Supreme Court Says Gay Sex Illegal, Overturns 2009 Ruling; Black Day for LGBT Community, Says Lawyer

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By Gopi Chandra Kharel | December 11, 2013 4:57 PM EST

The Supreme Court on Wednesday overturned the 2009 Delhi High Court ruling that legalises homosexual sex and has now reinstated it as a criminal offence.

The decision comes as a major setback for the marginalised section in the country which was hoping for the apex court to retain the 2009 ruling.

The new ruling on Wednesday declared that the 2009 ruling was "constitutionally unsustainable". Four year ago, the Delhi High Court had decriminalised homosexuality after overlooking Section 377 of the Indian Penal Code and had ruled that sex between two consenting homosexual adults should not be considered illegal.

The landmark judgment by the Delhi High Court was challenged by political, social and religious groups who wanted to sustain the colonial-era law.

Section 377 of the Indian Penal Code defined homosexual acts as "carnal intercourse against the order of nature" and named them illegal or immoral.

The Delhi High Court had described the law as "discriminatory" and said there is no legal basis on which sex between two consenting adults could be considered illegal, irrespective of whether they were gay or straight.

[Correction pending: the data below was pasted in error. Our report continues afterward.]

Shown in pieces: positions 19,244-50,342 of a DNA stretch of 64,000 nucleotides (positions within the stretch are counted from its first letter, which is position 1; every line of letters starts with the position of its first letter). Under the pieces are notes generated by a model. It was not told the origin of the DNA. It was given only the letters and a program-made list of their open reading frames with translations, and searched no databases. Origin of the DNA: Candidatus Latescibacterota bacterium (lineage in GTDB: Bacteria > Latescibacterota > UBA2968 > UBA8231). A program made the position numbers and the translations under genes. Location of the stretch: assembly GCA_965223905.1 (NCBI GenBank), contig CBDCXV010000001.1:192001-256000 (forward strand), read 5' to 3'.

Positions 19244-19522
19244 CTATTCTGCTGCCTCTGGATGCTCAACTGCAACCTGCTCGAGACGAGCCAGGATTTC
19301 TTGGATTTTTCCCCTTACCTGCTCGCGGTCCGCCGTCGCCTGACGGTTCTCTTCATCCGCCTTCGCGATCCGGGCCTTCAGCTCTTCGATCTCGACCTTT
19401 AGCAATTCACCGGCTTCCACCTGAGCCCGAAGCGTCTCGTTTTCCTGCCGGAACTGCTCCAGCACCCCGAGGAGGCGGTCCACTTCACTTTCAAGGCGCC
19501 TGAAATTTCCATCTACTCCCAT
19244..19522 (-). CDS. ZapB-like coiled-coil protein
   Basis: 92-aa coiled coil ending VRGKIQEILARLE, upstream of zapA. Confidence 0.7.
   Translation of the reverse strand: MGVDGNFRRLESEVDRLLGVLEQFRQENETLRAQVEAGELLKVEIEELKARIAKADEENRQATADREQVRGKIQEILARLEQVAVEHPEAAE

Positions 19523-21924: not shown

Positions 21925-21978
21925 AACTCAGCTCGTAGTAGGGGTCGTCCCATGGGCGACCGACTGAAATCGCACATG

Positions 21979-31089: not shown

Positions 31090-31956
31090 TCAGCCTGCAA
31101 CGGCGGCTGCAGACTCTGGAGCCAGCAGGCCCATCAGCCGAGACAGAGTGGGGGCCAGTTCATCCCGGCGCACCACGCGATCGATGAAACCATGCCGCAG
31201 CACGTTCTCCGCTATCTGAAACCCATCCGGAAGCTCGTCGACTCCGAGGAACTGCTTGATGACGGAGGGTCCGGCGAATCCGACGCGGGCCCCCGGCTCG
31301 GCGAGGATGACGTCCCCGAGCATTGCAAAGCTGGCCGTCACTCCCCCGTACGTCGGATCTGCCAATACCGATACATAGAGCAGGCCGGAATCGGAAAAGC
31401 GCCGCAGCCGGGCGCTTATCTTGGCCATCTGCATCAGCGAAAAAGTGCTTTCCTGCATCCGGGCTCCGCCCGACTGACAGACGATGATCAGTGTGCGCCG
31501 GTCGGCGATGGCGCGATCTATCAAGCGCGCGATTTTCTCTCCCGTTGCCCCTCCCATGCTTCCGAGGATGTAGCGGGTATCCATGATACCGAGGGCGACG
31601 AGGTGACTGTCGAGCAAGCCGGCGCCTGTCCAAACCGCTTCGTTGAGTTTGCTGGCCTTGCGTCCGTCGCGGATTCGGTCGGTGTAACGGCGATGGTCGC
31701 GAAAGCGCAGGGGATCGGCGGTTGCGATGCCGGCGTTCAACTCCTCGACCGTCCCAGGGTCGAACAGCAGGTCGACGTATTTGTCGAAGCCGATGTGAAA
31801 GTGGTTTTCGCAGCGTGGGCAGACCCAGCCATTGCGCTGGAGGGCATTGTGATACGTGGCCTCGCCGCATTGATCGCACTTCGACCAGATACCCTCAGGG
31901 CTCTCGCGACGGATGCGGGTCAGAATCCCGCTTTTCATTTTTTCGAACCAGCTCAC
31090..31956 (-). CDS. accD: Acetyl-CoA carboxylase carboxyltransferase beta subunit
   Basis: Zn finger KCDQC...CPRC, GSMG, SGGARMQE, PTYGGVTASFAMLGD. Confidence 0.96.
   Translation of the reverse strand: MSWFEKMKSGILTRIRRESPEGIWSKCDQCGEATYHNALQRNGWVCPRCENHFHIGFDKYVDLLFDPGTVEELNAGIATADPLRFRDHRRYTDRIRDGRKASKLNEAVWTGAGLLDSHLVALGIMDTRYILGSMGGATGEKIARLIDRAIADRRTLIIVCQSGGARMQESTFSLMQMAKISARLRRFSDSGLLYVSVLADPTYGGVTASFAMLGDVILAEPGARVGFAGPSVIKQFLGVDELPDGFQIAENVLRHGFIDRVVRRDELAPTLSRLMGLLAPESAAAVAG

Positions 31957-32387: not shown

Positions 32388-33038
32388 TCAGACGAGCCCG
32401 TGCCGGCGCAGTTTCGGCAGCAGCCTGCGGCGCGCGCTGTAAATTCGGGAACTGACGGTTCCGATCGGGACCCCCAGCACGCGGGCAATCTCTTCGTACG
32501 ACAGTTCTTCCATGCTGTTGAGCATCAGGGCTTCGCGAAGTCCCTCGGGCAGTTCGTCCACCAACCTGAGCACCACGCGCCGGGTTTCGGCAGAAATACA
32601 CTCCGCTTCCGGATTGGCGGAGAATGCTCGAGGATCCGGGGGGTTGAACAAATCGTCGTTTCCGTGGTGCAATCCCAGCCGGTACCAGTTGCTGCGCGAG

The July 2009 verdict was unanimously and widely welcomed by India's gay community.

Observing that Section 377 is a valid constitutional provision, the apex court said on Wednesday that appropriate and select changes in the section can be made through legislation and that the judiciary had nothing to do with it.

"This is a black day for the community, the judgment is a huge disappointment. We will take the issue forward, we will fight back," human rights lawyer Arvind Narrain told IBN Live.

Same-sex relationships had been considered illegal and immoral in India since 1890s when a British colonial law termed the act as "against the order of nature". 

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